Spurius (praenomen)

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This page is about the Latin praenomen. For a list of prominent individuals with this name, see Spurius (disambiguation).

Spurius (Latin pronunciation: [ˈspʊɾɪ.ʊs]) is a Latin praenomen, or personal name, which was used primarily during the period of the Roman Republic, and which fell into disuse in imperial times. It was used by both patrician and plebeian families, and gave rise to the patronymic gens Spurilia. The feminine form is Spuria. The name was originally abbreviated S., as it was the most common praenomen beginning with that letter; but as it grew less common it was sometimes abbreviated Sp.[1][2]

For most of the Roman Republic, Spurius was about the ninth most-common praenomen. Although used by a minority of families, it was favored by many, including the gentes Carvilia, Cassia, Furia, Nautia, Papiria, Postumia, Servilia, and Veturia. It was most common during the early centuries of the Republic, and gradually declined in popularity, until it all but disappeared during the 1st century AD[3]

Origin and meaning of the name[edit]

The actual meaning of Spurius is unproven. The name was used by the Etruscans in the form Spurie, and it was used by several Roman families that had Etruscan roots, so it has been postulated that it was either borrowed from the Etruscan language, or was a cognate of an Etruscan word meaning something akin to city dweller.[4][5]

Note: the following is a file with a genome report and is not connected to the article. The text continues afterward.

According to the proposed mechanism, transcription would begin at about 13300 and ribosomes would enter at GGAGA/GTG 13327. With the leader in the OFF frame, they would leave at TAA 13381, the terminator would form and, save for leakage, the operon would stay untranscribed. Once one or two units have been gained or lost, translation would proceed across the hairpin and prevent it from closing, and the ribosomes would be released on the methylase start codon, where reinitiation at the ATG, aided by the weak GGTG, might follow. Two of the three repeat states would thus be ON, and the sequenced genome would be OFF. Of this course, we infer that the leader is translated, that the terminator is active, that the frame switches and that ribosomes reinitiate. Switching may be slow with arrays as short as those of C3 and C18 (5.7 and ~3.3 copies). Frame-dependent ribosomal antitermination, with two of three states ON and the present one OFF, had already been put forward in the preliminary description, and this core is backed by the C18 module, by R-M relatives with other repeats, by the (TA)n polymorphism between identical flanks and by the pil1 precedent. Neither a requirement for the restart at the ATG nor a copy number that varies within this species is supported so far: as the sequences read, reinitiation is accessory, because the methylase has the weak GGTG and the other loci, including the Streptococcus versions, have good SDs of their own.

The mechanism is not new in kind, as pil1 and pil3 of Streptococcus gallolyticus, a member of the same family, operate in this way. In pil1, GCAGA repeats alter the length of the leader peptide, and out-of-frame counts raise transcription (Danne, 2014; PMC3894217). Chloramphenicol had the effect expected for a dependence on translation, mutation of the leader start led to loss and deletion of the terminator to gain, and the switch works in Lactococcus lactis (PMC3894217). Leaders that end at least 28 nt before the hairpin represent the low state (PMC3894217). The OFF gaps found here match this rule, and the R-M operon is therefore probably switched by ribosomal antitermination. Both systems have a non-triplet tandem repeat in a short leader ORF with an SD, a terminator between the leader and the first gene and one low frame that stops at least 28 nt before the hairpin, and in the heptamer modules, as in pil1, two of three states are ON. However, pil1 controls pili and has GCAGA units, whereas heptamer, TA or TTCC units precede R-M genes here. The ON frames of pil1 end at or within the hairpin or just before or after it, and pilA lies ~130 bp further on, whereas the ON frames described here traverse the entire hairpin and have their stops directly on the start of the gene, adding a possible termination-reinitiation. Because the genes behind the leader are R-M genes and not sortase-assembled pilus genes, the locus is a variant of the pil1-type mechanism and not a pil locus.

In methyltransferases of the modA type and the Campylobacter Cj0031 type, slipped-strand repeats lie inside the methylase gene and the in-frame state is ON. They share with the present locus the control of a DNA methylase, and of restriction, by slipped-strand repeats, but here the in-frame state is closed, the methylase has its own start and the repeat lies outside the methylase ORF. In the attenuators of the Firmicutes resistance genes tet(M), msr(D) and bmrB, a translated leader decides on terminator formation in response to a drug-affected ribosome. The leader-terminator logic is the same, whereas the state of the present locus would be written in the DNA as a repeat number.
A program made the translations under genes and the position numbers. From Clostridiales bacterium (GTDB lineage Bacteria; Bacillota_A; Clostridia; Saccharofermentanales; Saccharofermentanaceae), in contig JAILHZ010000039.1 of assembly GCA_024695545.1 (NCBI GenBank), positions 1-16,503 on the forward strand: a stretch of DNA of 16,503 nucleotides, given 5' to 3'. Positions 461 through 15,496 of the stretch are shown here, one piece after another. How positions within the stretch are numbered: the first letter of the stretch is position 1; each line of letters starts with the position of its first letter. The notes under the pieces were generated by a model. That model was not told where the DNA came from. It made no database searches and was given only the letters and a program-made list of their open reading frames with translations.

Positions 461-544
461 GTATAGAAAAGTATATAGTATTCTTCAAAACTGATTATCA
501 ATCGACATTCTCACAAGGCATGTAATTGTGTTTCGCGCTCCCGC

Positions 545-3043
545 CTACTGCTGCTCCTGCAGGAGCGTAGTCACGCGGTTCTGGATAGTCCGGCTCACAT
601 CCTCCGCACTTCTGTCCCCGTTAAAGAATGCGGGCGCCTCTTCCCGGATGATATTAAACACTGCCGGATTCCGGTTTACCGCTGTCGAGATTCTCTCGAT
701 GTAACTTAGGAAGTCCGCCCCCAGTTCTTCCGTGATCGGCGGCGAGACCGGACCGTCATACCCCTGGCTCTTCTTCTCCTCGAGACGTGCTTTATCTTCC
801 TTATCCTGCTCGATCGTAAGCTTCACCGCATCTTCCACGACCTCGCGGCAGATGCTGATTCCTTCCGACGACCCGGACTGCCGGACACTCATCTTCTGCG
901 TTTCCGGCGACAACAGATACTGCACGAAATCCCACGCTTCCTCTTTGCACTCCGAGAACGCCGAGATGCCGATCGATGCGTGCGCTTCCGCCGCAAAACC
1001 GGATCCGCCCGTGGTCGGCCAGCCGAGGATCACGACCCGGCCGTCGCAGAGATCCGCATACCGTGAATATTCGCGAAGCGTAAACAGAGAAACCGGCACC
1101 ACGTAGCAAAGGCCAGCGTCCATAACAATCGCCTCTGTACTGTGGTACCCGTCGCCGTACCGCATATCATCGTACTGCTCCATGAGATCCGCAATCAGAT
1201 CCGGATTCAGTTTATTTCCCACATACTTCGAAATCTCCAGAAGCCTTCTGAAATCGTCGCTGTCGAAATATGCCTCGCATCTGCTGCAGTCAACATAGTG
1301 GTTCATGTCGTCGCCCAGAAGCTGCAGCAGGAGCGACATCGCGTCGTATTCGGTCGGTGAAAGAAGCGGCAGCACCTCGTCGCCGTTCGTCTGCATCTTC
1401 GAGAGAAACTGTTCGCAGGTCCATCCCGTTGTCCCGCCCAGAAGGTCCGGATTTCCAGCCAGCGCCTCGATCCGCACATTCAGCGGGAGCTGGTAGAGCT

Popular etymology, however, connected the name with the phrase, sine pater filius, that is, son without a father, and the explanation that it was given to children born out of wedlock. This was the opinion of Festus, which is accepted by Chase, perhaps surprisingly considering the unlikelihood of anyone deliberately choosing such a name, or passing it down within a family for many generations. This explanation is almost certainly wrong, and is an example of false etymology. However, it probably contributed to the decline in the use of the praenomen, and gave rise to the modern adjective spurious.[6][7]

While it cannot be proven that any Latin praenomina were borrowed from Etruscan, and Spurius was used by a number of gentes of indisputably Latin origin, the explanation that it was connected with a word meaning city or citizen appears reasonably likely.[8]

Notes[edit]

  1. ^ Dictionary of Greek & Roman Biography & Mythology
  2. ^ Mika Kajava, Roman Female Praenomina: Studies in the Nomenclature of Roman Women (1994)
  3. ^ Realencyclopädie der Classischen Altertumswissenschaft
  4. ^ Jacques Heurgon, Daily Life of the Etruscans (1964)
  5. ^ Wilhelm Deecke, Etruskische Forschungen und Studien
  6. ^ Sextus Pompeius Festus, epitome by Paulus Diaconus
  7. ^ George Davis Chase, "The Origin of Roman Praenomina", in Harvard Studies in Classical Philology, vol. VIII (1897)
  8. ^ Wilhelm Deecke, Etruskische Forschungen und Studien